• 72-hour supply of water protected from freezing, place in Styrofoam coolers with newspaper or clothing for insulation. • Tire chains and traction pads, sand or cat litter for traction. • Small shovel • Glow Lights the kind that you snap and shake. • Cell phone and charger/extra battery even if the phone does not have a carrier. If charged, the phone can dial 911. • Two thermal or wool blankets and/or sleeping bag. • Snow boots, heavy coat, gloves and hat • Signal material such as brightly colored cloth or signal flags that can be held in place by closing a rear window on the material, used to signal rescue personnel • Jumper/battery cables and/or a battery box with power converter and jump start cables attached • Tools for minor car repair, duct tape, gallon of anti-freeze and extra motor oil • Knife and multi-tool • Matches, lighter and alternative fire starting materials such as a magnesium stick • First aid supplies • Snow brush and ice scraper • Maps of the area along with a compass • Flashlight and avoid lights that use the vehicles’ battery • Nylon tow rope and avoid chains or steel cables for towing, they can snap and whip around causing serious injury if used to pull a vehicle If possible, get signal fires going near the vehicle. Smoke can be seen for miles during the day and the flames can be seen at night. Stay wrapped in blankets to prevent body heat from conducting away from your body. Hypothermia is dangerous and can be a fatal condition.

CHAPTER 34 - SURVIVING A FOREST FIRE Planning is essential to surviving a wildfire. Information is crucial, so you must know the dangers in the areas you will be hiking, camping or hunting. Check with your local forest service and know the probability of a forest fire before traveling within a particular area. Chances of a forest fire increase if the temperatures are high and the humidity is low. Find out how much rainfall the area has received in order to decide if the underbrush is tinder dry or not. These are danger areas if it is a popular spot for campers and hikers because humans are the cause of many forest fires. Escape Even though you are careful with your campfires, others may not be and you could be caught in a forest fire while hiking or camping. Getting ahead of the fire is important by maintaining situational awareness, looking for smoke and smelling the air. If you see or smell smoke, identify the probable location and move in the opposite direction immediately. If you take too long, the fire can encircle you while leaving you no escape. Do not get trapped on hilltops. You will want to move downhill from any fire because the heat from the inferno will rise and it can be as high as 1000°F/537°C. Valleys or canyons can also trap the heat/smoke and either end could be blocked, trapping you in the middle. Open ground with a firebreak between you and the fire is ideal. Firebreaks include logging roads, fire roads or even highways. Water is a safety zone as well, and if you have no other choice get into the middle of the river or stream and as far out as you feel safe in a lake or pond. The fire can of course jump the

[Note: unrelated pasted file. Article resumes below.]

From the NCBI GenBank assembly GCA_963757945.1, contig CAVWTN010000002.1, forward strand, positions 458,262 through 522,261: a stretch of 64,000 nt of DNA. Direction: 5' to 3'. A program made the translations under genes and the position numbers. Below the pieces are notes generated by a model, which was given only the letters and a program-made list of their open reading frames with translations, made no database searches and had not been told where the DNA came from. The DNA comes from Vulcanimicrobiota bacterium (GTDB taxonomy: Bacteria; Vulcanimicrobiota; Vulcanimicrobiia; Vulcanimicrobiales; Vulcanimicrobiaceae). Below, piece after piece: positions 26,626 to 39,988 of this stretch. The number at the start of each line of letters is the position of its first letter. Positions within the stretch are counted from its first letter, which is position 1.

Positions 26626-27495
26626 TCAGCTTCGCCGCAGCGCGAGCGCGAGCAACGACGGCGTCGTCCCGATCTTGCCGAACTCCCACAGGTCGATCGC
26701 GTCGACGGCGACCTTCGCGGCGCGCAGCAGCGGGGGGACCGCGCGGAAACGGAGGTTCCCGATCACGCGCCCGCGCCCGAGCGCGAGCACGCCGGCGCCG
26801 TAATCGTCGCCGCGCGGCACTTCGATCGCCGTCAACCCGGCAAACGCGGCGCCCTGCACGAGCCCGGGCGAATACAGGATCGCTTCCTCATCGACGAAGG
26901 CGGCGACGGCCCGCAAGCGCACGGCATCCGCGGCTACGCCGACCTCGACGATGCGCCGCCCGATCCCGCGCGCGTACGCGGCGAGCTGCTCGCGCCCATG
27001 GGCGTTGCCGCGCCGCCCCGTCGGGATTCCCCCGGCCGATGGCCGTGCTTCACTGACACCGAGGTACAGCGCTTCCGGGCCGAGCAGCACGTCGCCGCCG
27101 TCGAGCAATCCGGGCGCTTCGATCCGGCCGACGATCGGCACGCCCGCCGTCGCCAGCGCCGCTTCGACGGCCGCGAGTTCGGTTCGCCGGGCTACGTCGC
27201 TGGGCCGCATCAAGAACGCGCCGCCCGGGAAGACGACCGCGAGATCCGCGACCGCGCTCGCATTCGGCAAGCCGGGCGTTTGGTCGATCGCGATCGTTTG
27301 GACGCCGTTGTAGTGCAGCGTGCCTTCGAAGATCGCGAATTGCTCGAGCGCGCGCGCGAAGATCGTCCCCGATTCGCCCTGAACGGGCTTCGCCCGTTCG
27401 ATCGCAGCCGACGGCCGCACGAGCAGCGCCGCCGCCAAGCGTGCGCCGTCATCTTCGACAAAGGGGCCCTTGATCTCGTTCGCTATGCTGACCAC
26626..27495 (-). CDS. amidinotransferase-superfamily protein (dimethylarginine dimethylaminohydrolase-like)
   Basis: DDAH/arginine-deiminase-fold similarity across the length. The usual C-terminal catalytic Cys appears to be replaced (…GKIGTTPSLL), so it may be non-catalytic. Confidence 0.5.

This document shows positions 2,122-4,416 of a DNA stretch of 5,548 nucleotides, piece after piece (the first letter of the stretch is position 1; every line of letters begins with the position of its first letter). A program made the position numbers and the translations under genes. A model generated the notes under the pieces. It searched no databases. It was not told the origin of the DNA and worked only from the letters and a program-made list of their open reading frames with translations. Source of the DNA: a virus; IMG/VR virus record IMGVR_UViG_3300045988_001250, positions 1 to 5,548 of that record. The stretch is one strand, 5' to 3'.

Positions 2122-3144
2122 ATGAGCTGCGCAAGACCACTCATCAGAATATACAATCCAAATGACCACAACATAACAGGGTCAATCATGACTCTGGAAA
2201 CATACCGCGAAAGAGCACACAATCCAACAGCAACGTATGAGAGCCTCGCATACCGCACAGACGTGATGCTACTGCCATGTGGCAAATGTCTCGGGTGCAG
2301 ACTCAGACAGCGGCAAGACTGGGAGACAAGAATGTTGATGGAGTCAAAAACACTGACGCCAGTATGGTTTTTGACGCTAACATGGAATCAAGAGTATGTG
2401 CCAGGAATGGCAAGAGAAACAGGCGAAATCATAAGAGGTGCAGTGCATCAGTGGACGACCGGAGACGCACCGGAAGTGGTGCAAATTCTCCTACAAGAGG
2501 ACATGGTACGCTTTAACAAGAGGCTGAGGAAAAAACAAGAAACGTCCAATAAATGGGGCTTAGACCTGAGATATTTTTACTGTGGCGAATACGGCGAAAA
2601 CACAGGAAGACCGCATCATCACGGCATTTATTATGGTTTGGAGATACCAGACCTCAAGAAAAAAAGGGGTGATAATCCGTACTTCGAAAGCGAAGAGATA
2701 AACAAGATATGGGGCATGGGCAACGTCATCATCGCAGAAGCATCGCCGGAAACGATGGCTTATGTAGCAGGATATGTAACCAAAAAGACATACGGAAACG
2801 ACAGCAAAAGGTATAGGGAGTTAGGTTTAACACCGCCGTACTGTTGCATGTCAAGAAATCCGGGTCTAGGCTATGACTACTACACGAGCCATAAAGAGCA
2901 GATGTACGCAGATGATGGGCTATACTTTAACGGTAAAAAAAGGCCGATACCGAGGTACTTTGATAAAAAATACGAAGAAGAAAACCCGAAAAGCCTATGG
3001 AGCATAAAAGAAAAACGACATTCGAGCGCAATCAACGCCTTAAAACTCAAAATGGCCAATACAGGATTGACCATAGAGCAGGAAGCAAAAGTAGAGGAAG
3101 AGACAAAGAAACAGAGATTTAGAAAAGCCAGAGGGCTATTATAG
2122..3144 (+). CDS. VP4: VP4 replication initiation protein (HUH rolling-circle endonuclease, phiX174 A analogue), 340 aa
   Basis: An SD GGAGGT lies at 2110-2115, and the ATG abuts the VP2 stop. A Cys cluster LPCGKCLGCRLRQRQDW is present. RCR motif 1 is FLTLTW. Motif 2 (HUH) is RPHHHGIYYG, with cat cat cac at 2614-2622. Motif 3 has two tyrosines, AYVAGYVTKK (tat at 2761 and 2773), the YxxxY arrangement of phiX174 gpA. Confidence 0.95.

break, but a break will slow the fire down. Areas already burned can be safe if the combustibles have been consumed and if the heat and smoke is tolerable. When the forest fire hits a firebreak, it may split. The combustibles have been consumed up until this point causing it to move along the break and then possibly jump the break. Depending on the vegetation there may or may not be a safe zone behind the fire. If you are trapped and the fire is close, get to a lower ground, such as a ditch or any depression. If you have to then scoop out a depression and cover yourself with soil if possible, but only as a last resort. You want the heated air to pass over you, and if covered with non-combustibles you may have a chance of surviving. Keep your face from the heat and as low as possible. Avoid overhead dangers from falling trees or limbs if you have escaped to an already burned area. There are shelters specifically designed to reflect up to 95% of heat from a forest fire that you can carry with you if you are traveling in a high fire risk area. The shelters provide protection from radiant and convective heat. Several models have an optional travel pack that will attach to the bottom of your backpack for easy carrying.

CHAPTER 35 - BACKPACK FOR SURVIVAL Before you can put together a survival backpack, you first need the right backpack. Having the right pack is important because it will contain all the essential items that will keep you alive in a survival situation. Your pack should be water resistant or even waterproof. It should have kidney straps for securing the pack around your waist, along with ample padding. The waist straps will reduce the weight on your shoulders, and transfer it to your hips, and it keeps the pack from banging against your lower back as you walk.

People tend to overload their packs, which can be problematic. After a few hours along the trail, they have to decide what goes and what stays. They simply cannot handle the weight. Be honest and realistic with yourself. Your bag should be around 50 pounds. You should have about 25lb/11kg of water, and the rest food and gear. Water weighs 8.5lb/3.8kg per gallon and the recommended daily amount per person is one gallon. To lessen the weight on your shoulders and to allow more room for other items, use a weight bearing web belt for around your waist. Use canteens that have pouches which can attach to the belt. Have one canteen on each side, and as you use the water from the canteens just replenish from the pack. Do not carry water in gallon containers because this makes the weight distribution difficult.